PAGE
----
GNMA plain vanilla

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What is GNMA?

GNMA is an agency of the United States government that guarantees certain mortgages. It is also known as “Ginnie Mae”.

History of GNMA

The Government National Mortgage Association (GNMA), also known as “Ginnie Mae”, was established in 1968 as a government corporation within the Department of Housing and Urban Development (HUD). GNMA’s mission is to expand affordable housing finance in America by issuing mortgage-backed securities (MBS) on residential loans made by private lenders.

Ginnie Mae MBS are created when a pool of loans is securitized and sold to institutional investors in the form of a standardized MBS. The cash flows from the underlying loan payments are used to make timely payment of principal and interest to MBS holders.

The principal objective of GNMA MBS is to ensure that mortgage lenders have adequate liquidity so that they can continue to make new home loans even during periods of economic stress. By providing this critical liquidity, GNMA plays an important role in ensuring the stability of America’s housing finance system.

In addition to promoting stability in the housing market, GNMA MBS also serve another important purpose: they help make financing for home mortgages more widely available and less expensive for borrowers. This is because the risk of default on a Ginnie Mae MBS is lower than on a comparable unsecured loan, such as a corporate bond. As a result, investors are willing to accept a lower rate of return on GNMA MBS than on other types of investments. This “risk premium” savings is passed on to borrowers in the form of lower mortgage rates.

GNMA’s role in the mortgage industry

The Government National Mortgage Association or GNMA, commonly known as Ginnie Mae, is a government-owned corporation within the United States Department of Housing and Urban Development (HUD). It was created in 1968 to promote homeownership.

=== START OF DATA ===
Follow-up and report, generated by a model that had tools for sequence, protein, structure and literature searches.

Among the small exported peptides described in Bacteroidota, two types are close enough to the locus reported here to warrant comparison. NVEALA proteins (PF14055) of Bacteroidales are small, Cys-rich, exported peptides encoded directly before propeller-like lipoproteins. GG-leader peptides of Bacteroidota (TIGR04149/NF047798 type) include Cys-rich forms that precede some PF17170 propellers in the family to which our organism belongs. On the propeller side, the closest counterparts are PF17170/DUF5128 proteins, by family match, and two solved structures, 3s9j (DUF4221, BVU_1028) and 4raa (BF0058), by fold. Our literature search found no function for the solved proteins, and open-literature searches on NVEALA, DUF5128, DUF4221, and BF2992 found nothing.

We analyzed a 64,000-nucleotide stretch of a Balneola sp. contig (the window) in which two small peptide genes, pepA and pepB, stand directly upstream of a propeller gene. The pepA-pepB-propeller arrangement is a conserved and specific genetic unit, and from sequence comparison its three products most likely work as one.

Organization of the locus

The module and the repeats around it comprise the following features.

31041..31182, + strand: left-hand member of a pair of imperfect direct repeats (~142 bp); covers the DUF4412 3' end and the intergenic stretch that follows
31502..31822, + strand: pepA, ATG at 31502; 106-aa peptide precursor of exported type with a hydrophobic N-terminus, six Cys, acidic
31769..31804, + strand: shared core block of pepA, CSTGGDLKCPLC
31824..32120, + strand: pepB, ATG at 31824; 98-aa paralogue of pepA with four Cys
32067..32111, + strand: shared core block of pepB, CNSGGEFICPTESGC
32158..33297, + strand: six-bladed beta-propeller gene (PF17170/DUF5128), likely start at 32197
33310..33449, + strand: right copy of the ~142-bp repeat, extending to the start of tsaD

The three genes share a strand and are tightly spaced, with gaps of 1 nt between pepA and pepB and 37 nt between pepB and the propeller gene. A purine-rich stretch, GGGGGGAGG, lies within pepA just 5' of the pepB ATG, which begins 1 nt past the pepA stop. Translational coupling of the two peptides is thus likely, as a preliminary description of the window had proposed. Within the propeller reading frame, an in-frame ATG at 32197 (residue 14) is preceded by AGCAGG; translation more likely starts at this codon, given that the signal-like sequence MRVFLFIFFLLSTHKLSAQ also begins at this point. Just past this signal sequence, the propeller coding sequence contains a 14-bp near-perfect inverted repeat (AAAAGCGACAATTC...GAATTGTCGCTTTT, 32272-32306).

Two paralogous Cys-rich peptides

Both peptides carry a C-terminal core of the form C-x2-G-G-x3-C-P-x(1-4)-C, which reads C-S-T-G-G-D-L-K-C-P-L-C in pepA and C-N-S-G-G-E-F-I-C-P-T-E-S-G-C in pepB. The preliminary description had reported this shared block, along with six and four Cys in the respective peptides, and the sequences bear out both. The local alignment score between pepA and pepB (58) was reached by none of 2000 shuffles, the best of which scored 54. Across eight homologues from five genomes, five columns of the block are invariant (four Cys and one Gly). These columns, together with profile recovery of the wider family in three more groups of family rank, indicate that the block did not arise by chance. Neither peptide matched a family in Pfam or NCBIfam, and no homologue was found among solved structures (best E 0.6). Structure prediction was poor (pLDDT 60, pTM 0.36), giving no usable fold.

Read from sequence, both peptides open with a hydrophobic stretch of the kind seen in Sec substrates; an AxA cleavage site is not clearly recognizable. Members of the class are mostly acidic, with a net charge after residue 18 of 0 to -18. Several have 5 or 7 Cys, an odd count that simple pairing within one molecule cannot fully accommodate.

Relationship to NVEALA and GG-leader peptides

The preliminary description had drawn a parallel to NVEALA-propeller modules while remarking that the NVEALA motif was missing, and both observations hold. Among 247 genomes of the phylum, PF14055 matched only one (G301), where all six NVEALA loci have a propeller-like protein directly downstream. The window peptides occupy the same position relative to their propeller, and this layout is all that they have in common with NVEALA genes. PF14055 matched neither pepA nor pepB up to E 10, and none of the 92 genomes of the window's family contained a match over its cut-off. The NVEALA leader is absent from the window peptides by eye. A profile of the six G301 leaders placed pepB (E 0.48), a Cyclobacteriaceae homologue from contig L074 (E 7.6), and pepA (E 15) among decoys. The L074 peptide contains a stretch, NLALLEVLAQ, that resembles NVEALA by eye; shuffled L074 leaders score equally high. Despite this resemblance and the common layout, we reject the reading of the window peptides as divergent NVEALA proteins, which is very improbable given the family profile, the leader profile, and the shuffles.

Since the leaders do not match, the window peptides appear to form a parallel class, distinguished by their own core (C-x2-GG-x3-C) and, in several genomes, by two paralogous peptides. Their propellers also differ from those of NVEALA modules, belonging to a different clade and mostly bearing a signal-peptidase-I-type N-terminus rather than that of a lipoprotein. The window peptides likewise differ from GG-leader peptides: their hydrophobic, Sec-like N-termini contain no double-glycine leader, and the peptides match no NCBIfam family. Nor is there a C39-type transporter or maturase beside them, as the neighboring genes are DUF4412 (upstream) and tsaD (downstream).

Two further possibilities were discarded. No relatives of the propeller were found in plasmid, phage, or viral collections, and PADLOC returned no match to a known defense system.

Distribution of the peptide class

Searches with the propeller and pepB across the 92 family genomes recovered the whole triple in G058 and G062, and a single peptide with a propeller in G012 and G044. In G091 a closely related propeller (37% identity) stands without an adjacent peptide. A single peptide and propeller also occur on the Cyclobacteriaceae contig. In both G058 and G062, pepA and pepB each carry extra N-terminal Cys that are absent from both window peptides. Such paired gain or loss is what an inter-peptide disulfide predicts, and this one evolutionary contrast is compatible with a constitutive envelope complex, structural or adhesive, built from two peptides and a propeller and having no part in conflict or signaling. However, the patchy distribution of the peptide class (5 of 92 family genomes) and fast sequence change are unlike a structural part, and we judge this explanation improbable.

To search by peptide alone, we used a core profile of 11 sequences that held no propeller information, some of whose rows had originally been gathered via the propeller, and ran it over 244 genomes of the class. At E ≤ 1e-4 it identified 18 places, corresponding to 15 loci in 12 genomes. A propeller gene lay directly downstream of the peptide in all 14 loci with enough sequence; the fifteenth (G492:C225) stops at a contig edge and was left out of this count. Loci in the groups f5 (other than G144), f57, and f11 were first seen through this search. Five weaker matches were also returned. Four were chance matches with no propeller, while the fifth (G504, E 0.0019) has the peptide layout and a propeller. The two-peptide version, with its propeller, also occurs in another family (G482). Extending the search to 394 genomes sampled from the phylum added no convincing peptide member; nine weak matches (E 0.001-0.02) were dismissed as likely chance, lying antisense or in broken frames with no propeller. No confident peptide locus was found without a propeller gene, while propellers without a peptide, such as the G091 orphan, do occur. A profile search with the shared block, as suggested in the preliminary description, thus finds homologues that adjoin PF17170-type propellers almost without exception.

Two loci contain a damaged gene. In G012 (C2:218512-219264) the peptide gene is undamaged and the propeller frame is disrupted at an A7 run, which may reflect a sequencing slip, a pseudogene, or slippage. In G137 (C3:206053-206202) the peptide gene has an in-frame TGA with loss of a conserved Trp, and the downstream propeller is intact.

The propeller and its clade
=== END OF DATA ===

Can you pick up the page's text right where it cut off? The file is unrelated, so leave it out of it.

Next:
Ginnie Mae’s mission is to expand affordable housing finance in America by linking domestic and global capital markets. To fulfil its mission, Ginnie Mae:
-Issues mortgage-backed securities (MBS) on behalf of HUD-approved lending institutions, which include banks, savings associations, credit unions, and mortgage companies;
-Ensures timely payment of principal and interest payments on MBS to investors worldwide;
-Answers investor inquiries and provides information about Ginnie Mae programs;
-Monitors servicing of loans underlying MBS to protect the interest of homeowners and investors; and
-Works with HUD to take action against approved lending institutions that violate program rules or otherwise put at risk the timely payment of principal and interest to MBS investors.


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Advantages of GNMA

The GNMA, or Government National Mortgage Association, is a government-sponsored enterprise that guarantees the payment of principal and interest on certain mortgage-backed securities. The GNMA was created in 1968 to promote homeownership and better access to mortgage financing.

One advantage of GNMA securities is that they are backed by the full faith and credit of the U.S. government, which makes them virtually risk-free. This guarantee makes GNMA securities an attractive investment for conservative investors who are looking for a safe place to park their money.

Another advantage of GNMA securities is that they offer competitive yields relative to other government-backed investments, such as Treasury bonds. For example, as of June 2020, the yield on the 10-year Treasury bond was 0.70%, while the yield on the GNMA 30-year bond was 2.21%.

Lastly, GNMA securities can be owned in either physical or electronic form, which gives investors flexibility in how they hold these investments.

Disadvantages of GNMA

One disadvantage of GNMA securities is that because they are backed by the full faith and credit of the U.S. government, they are not as risky as other types of investments. This also means that they offer investors less potential for gain than other types of investments.

How to invest in GNMA

GNMA or “plain vanilla” GNMA securities are issued by Ginnie Mae. The name “plain vanilla” comes from the fact that there are no special features or terms associated with these securities, as opposed to other types of GNMA securities such as CMOs or IO strips.

Investors in GNMA securities receive periodic interest payments, as well as a return of principal when the security matures. GNMA securities are backed by the full faith and credit of the United States government, making them exceptionally safe investments.

GNMA securities can be purchased directly from Ginnie Mae through a broker, or from a secondary market dealer.**

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